known, was only accessible in books and very few people, if any, had the money or the initiative to travel in search of material. As a result of this scant learning we see Shakespeare dress Julius Caesar in a doublet, and painters of every country depict foreign scènes in accordance with their own surroundings. Sir Joshua Reynolds shows us the Virgin as a sweet English girl, Murillo paints her in a Spanish headdress, Robert Campin sees her in a Flemish room with a tiled floor and a Flemish town in the background. Although this non-classical element is rather strong in Stanyhursts' work, I am of opinion that we cannot blame him so very much for not being any better than his contemporaries. And if he does not give an Aeneas and a Dido who come up to our ideals of a splendid hero and a fairylike queen, he, at any rate, manages to call up before us a man and a woman who are human, especially the queen.
The Cambridge History says: 'Tmagine, Dido, queen of Carthage, asking in fury: "Shall a stranger give me the slampam?" In reply to this, I would refer the reader to Froude's: The Reign of Queen Elizabeth" where we read l: "She (i.e. Elizabeth) rode, shot, jested and drank beer; spat and swore on occasions; swore not hke a "comfit-maker's wife", but round mouth-filling oaths, which would have satisfied Hotspur", or to Green 2 "Her harsh manlike voice, her impetuous will, her pride, her furious outbursts of anger came to her with her Tudor blood. She rated great nobles as if they were schoolboys; she met the insolence of Essex with a box on the ear; she would break now and then into the gravest deliberations to swear at her ministers hke a fishwife".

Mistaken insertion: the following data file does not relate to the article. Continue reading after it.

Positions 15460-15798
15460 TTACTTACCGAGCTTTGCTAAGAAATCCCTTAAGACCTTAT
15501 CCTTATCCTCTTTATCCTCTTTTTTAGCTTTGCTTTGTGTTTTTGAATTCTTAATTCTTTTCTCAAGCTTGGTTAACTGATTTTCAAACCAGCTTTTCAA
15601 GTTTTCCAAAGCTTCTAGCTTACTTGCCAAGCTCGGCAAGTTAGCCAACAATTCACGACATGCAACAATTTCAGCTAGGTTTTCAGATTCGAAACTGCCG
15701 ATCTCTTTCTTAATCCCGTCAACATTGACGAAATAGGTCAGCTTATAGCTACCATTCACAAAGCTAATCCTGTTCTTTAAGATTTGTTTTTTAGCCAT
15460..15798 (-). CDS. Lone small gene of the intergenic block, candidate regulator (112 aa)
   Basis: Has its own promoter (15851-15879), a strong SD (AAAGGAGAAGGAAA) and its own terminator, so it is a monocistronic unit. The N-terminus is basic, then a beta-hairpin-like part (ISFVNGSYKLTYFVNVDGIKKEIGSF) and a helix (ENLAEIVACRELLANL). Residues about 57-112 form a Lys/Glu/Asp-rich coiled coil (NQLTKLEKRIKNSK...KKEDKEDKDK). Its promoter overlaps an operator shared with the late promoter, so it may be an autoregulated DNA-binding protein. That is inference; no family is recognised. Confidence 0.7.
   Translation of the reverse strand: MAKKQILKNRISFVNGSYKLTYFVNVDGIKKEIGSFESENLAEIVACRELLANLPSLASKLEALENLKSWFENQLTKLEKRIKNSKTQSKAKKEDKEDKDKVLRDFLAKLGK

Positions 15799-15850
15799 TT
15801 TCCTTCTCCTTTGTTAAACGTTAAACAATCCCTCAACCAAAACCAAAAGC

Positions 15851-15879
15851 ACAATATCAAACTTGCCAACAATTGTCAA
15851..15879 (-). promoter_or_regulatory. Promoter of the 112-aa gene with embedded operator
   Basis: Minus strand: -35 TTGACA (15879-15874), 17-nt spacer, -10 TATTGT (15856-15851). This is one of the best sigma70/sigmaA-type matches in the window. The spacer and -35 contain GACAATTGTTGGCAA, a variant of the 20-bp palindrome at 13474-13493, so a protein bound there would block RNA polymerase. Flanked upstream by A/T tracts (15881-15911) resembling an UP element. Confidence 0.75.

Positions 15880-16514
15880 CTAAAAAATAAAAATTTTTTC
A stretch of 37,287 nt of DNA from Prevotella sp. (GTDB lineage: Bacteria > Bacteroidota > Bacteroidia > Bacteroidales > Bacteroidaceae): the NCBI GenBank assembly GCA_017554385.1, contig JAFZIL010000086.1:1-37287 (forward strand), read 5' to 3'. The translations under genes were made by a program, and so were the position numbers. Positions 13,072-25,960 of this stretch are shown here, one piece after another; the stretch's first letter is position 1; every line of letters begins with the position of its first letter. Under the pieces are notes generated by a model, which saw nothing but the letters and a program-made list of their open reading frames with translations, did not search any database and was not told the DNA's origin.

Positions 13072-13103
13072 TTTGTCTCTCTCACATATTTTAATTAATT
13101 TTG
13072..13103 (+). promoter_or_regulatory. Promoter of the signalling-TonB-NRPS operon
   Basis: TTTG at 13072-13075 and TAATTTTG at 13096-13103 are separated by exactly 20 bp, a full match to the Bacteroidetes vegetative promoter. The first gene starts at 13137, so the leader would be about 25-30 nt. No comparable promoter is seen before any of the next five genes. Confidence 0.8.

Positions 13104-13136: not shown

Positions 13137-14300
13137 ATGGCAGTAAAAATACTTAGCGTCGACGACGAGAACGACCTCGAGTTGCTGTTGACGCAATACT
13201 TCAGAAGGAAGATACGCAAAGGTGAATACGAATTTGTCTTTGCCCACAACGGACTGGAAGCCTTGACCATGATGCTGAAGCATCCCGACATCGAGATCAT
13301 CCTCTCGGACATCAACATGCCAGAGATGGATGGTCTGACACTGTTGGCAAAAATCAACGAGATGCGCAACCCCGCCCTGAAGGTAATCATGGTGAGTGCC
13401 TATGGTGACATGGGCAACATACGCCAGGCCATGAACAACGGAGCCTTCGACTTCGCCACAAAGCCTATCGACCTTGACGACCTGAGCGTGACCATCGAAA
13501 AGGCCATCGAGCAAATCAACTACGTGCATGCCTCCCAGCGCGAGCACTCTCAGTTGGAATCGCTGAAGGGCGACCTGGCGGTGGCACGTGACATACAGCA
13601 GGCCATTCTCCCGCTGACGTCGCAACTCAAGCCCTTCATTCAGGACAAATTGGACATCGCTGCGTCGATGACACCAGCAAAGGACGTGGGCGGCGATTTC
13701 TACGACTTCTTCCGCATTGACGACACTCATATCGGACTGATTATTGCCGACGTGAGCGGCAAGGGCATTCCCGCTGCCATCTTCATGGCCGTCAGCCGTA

This is a pretty picture, indeed, of a real queen; and perhaps she was the only queen Stanyhurst knew anything about and whom he may quite probably have taken as his model for queen Dido. Although the latter is terribly abusive, there is nothing of the spitting, swearing or boxing element in her, and anyone who rightly considers the matter will see that Dido had every reason for being furious about the treatment she had received from Aeneas. That Stanyhurst saw the case in that light is beyond a doubt, and he manages to paint a powerful picture of a woman, who, blinded by fury, baffled in her hopes, realizing that everything is lost, denbunces the man who cowardly betrayed her love and left her to her lonely fate. Except for some words that may give rise to a smile because of their apparent inadequacy, as "to hop", in luie IV,4o6, the picture is not devoid of dignity and is full of force. In her first speech, when she still cherished some hope of keeping him back we find a mixture of anger and gentle persuasion, concluding with her pitiful complaint, book IV, 344—47:
"For thy sake in Lybical regions and in Nemod hateful
I live: my Tyrian subiectés pursne me with anger.
1 Froude: The Reign of Queen Elizabeth, Everyman Library, Vol. IV, 61.
2 Green: A Short History of the English People, Everyman Library, 1915, p. 350.